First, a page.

Wednesday, August 27, 2008

The Santa Ana Speedway

The speed limit on Santa Ana Boulevard is a clearly posted 35mph, but rarely do those that drive on it observe it. I personally think it should be lowered to 25mph, and for good reason.

Over the past two years, I’ve seen a good amount of traffic accidents occurring within 100 yards of my front door. I attribute these frequent incidents to two things:

  1. Most people don’t know how to drive

  2. Drivers see the Boulevard as a Speedway

With that said, another accident occurred on East Santa Ana Boulevard yesterday around 6:30PM–this one involving a teenage kid on a bike and an OCTA bus.

This accident marks roughly the fifth accident that I’ve seen since on the “raceway” since July of this year, and it was probably the most nerve rattling one I’ve seen in a while. There’s no sound, doesn’t matter what language you speak, like the sound of a mother screaming out “Mi Niño, Mi Niño" (my boy, my boy)!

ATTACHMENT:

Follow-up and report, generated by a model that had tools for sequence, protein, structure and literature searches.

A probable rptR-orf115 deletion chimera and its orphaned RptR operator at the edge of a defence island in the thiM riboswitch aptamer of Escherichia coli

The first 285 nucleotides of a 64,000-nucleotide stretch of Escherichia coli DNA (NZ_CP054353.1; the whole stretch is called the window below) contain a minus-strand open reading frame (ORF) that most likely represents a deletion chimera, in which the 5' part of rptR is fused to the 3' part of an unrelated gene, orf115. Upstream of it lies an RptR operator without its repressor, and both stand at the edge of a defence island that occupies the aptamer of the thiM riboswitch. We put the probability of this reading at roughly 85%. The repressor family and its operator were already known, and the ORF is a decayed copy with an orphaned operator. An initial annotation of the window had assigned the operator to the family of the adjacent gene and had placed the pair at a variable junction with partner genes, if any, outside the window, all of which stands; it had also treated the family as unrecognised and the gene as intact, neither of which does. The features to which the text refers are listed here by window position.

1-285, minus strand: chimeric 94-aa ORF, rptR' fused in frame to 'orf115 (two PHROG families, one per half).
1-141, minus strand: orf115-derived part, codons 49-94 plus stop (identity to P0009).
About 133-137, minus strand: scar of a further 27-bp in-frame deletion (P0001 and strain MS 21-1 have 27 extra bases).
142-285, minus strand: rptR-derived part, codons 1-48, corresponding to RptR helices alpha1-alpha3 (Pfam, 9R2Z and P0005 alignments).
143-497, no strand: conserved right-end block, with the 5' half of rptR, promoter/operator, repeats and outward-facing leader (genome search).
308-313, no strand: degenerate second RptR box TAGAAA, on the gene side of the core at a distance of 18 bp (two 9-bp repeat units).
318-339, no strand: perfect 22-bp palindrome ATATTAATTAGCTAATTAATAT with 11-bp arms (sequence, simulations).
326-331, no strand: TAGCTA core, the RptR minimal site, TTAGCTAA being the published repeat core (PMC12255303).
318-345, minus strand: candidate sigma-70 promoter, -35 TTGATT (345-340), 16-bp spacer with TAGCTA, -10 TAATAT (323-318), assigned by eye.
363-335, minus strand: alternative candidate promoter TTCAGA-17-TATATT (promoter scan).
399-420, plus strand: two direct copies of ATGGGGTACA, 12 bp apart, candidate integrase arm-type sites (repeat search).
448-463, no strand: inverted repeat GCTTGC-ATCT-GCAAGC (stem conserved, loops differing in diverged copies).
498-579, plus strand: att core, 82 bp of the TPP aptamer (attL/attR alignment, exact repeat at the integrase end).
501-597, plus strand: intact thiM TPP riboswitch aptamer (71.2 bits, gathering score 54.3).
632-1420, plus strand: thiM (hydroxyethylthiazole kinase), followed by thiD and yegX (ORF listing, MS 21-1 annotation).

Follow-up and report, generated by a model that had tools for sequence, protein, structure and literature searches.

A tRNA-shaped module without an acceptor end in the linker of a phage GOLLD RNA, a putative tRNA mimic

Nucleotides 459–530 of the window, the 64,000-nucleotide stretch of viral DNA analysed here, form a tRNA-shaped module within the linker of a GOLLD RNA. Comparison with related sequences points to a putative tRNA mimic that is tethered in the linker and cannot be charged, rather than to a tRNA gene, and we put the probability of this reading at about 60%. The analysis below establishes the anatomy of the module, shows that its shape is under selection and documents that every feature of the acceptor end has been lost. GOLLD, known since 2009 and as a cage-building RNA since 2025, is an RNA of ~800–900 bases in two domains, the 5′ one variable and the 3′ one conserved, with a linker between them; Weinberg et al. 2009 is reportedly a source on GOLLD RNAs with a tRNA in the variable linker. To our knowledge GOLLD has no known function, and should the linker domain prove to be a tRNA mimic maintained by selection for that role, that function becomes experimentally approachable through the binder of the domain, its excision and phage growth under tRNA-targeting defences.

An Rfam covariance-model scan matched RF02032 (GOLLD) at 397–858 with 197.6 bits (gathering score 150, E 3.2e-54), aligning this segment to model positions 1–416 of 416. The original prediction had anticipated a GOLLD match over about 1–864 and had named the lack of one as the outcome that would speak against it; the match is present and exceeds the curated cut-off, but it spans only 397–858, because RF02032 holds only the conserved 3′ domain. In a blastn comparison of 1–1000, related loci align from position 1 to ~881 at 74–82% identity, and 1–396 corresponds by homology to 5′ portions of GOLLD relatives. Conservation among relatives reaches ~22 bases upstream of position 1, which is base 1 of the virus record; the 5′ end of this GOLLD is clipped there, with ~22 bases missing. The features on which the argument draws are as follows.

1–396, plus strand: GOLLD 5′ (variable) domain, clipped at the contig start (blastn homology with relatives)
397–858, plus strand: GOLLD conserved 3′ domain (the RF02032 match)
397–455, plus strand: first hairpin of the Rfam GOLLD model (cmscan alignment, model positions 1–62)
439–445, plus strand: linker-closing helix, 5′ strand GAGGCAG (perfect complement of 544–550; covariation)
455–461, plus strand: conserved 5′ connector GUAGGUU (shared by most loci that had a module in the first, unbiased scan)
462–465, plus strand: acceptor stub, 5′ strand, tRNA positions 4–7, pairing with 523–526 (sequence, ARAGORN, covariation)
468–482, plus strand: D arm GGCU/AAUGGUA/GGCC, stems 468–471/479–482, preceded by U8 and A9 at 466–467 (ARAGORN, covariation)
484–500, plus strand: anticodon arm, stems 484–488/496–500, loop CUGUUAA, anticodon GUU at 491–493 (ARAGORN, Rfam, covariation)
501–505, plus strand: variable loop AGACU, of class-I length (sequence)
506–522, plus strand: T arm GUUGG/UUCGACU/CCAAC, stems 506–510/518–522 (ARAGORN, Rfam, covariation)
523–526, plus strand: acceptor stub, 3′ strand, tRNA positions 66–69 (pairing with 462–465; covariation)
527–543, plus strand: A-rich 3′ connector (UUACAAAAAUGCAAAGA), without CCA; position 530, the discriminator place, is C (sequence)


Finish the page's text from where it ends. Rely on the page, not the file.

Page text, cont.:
(And though some of you may think that I’m a sadistic ghoul for taking photos at accident scenes, these photographs will be instrumental in convincing city engineers, police, traffic departments and council members that steps will need to be taken to facilitate a reduction in speed on Santa Ana Boulevard. A picture truly is worth a thousand words.)

A few months back after this accident, I put a call into SAPD requesting an officer to sit out on Poinsettia Street and do nothing but write tickets in an effort to control the speeds that go unchecked in our neighborhood.

No response.

In addition, a recent request to speak with a city engineer about many of my traffic and parking concerns around the Santiago Street Lofts continues to go unanswered. Go figure.

Hopefully, an upcoming pow-wow with our most-elusive mayor will yield better results–it is an election year after all.